Microsoft and the Open Source Community: The Beginning of a Dialogueby Malcolm Dean
Microsoft VP Craig Mundie says he was glad to visit with the Open Source community for a debate with Red Hat CTO Michael Tiemann on Shared Source v. Open Source today at the O'Reilly Open Source Convention. "I take away nothing but positive feelings," he said, despite pressing concerns expressed repeatedly from the audience and members of the round table which followed.
Mundie outlined Microsoft's worldwide concern with licensing and profitability issues, stressing that, as the need becomes clearer, Microsoft will adapt licenses to the needs of users and developers. Tiemann pointedly noted that Microsoft had behaved illegally in using its monopoly, and called for a clear understanding within Redmond's ranks for the meaning of Open Source software. And so a lively debate began with an audience eager to savor the historic moment.
Mundie stressed that, even with Microsoft, there are different opinions on open source. During the audience Q&A, as well as the press conference which followed, he was peppered with comments about Microsoft CEO Steve Ballmer's famous comments in an interview with the Chicago Sun-Times comparing Linux and open source to cancer and communism. Clearly dismayed, Mundie noted that Ballmer's comments were really meant to criticize the GPL, not open source software. "I've tried to focus the company on what was really bothering us about open source. I have tried to create some discipline in the way that we talk about it." None of Microsoft's executives would make the same comments today, he insisted.
"It's old news and should be treated that way," Tiemann agreed, noting that the important thing is to determine to what extent the shift in Microsoft's position on licensing agreements becomes a promise or a threat.
Click here for images and audio highlights of yesterdays debate between the open source community and Microsoft's Craig Mundie
Sitting beside Larry Wall, inventor of Perl, Bruce Perens, H-P's Linux and open source evangelist, noted that under the MS Mobile Toolkit license, you can't even use Perl in your products. Based on the experiences of H-P when open sourcing its printer drivers, Perens expressed concern that Microsoft patents may be embedded within the emerging ECMA .NET standards, as happened with SMB2, which Perens believes includes a patented password technology.
"I think you'll see us become clearer and more precise about licensing as this dialogue (with the open source community) proceeds," Mundie responded. "We want to be clear about what we're not giving away. We're reviewing our licensing worldwide, in many countries, and it is being simplified."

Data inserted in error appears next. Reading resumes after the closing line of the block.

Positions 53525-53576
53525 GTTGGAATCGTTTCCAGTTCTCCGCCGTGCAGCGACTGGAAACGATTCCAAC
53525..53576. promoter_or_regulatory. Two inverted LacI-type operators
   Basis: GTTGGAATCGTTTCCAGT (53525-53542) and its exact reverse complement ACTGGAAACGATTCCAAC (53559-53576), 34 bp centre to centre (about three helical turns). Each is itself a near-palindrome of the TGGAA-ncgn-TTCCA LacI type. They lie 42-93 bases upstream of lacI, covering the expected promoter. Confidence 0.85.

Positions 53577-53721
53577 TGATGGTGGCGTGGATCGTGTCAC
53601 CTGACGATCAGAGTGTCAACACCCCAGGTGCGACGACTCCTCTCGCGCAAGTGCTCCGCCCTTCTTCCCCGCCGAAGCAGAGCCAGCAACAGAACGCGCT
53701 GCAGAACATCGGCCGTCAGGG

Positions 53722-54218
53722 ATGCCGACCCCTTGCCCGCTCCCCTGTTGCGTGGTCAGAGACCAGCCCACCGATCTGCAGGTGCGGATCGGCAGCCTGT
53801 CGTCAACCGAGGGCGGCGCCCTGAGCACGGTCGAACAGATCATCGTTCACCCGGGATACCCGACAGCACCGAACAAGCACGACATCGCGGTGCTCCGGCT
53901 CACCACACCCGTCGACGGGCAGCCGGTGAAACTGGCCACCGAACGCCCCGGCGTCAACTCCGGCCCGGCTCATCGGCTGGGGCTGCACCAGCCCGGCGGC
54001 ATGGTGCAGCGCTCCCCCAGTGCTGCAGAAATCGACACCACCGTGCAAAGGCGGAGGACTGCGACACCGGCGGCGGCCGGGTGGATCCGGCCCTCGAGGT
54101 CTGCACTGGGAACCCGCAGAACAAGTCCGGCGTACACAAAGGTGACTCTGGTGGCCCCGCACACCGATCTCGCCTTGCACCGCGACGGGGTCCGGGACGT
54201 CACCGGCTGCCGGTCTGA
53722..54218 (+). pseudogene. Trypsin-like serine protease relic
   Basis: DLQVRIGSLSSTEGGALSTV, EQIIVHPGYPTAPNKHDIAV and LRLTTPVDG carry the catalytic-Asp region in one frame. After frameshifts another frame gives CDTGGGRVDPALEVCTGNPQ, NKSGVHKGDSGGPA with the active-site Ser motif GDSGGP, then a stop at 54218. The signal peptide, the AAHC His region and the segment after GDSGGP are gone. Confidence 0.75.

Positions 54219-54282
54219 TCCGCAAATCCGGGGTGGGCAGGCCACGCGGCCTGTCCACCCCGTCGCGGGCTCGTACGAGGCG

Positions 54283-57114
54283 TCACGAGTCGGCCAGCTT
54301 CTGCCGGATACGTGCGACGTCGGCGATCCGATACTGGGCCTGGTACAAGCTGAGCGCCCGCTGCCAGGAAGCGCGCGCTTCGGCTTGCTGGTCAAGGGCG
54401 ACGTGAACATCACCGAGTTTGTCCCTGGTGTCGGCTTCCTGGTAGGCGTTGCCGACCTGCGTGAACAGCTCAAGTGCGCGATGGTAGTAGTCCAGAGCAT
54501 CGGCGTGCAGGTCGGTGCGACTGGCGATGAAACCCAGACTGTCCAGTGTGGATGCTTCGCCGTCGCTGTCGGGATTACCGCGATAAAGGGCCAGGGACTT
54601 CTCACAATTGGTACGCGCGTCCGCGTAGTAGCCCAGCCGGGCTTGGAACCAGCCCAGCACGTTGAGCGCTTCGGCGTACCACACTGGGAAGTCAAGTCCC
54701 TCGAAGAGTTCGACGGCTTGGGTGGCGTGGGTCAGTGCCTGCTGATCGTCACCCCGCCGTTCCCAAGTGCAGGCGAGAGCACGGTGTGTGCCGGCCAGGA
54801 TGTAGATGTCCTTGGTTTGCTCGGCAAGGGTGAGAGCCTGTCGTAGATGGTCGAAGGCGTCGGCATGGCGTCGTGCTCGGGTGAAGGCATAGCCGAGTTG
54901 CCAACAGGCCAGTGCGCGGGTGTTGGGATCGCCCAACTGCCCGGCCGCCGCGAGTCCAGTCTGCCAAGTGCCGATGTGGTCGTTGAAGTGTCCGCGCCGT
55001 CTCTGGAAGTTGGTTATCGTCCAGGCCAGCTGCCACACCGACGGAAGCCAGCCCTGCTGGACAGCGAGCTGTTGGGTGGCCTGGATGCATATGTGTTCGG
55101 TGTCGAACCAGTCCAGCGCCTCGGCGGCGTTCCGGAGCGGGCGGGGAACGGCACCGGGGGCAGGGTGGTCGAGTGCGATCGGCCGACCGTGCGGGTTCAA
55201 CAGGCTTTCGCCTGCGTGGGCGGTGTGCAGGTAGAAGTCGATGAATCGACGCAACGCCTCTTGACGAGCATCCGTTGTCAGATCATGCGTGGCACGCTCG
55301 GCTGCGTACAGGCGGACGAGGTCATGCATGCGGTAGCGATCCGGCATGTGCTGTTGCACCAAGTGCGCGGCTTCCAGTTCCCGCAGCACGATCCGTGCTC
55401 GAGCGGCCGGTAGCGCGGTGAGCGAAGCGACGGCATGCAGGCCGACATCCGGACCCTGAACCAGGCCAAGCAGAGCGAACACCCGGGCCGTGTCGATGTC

Network World's Dave Kearns asked why Microsoft doesn't hire developers specifically for open source, just as IBM and H-P do? Mundie could only point to a few Interix developers in India. David Stutz said his job as Microsoft peer services architect concerned open source full-time, an assertion which was quickly rejected by Perens and Tiemann, a member of the Open Source Initiative (OSI) board. "We would be delighted to approach any license from Microsoft which actually meets the open source definition." (Later, Stutz insisted that many of his contacts understood Microsoft's share source licenses as open source.)
Stutz confirmed that Microsoft will not exercise its option for a Linux port of .NET in its contract with Corel Corporation. Redmond is clearly more comfortable with the FreeBSD license. But he insisted Microsoft wants Ximian's MONO project to succeed, and said he will work together with open source developers as MONO goes forward.
Now, at some point, the Roman Empire found it more profitable to make treaties with the barbarians than to engage them in ongoing conflicts. Wealthy beyond comparison, fond of competitive sports, protected by battle-tested armies of legal advisors, it was a "goldfish moment" for the empire, the moment when the bowl, no matter how transparent, became utterly apparent. So a senator from Redmond came to visit the neighbors, and sat down with them to break bread. Better than cracking skulls.
But clearly, Microsoft's answers frustrated and displeased many at the O'Reilly event. There was a feeling that while agreements are being made, understanding is still a long way off. Microsoft is firmly and forever a commercial venture seeking its own profit, reluctant to contribute possible advantages to others. It does not yet see itself as part of a larger community.
Clearly relieved that the debate and press conference had gone well, despite a few shrieks of protest from the audience, Tim O'Reilly noted that people who talk only with those of similar beliefs tend to become more extreme in their beliefs. But if they talk with those holding opposite opinions, they tend to become more moderate and open. "This is just an early step in the dialogue," he said, "and I think it's going to continue for quite some time."
Malcolm Dean is a broadcast journalist, technology writer and IT consultant based in Los Angeles.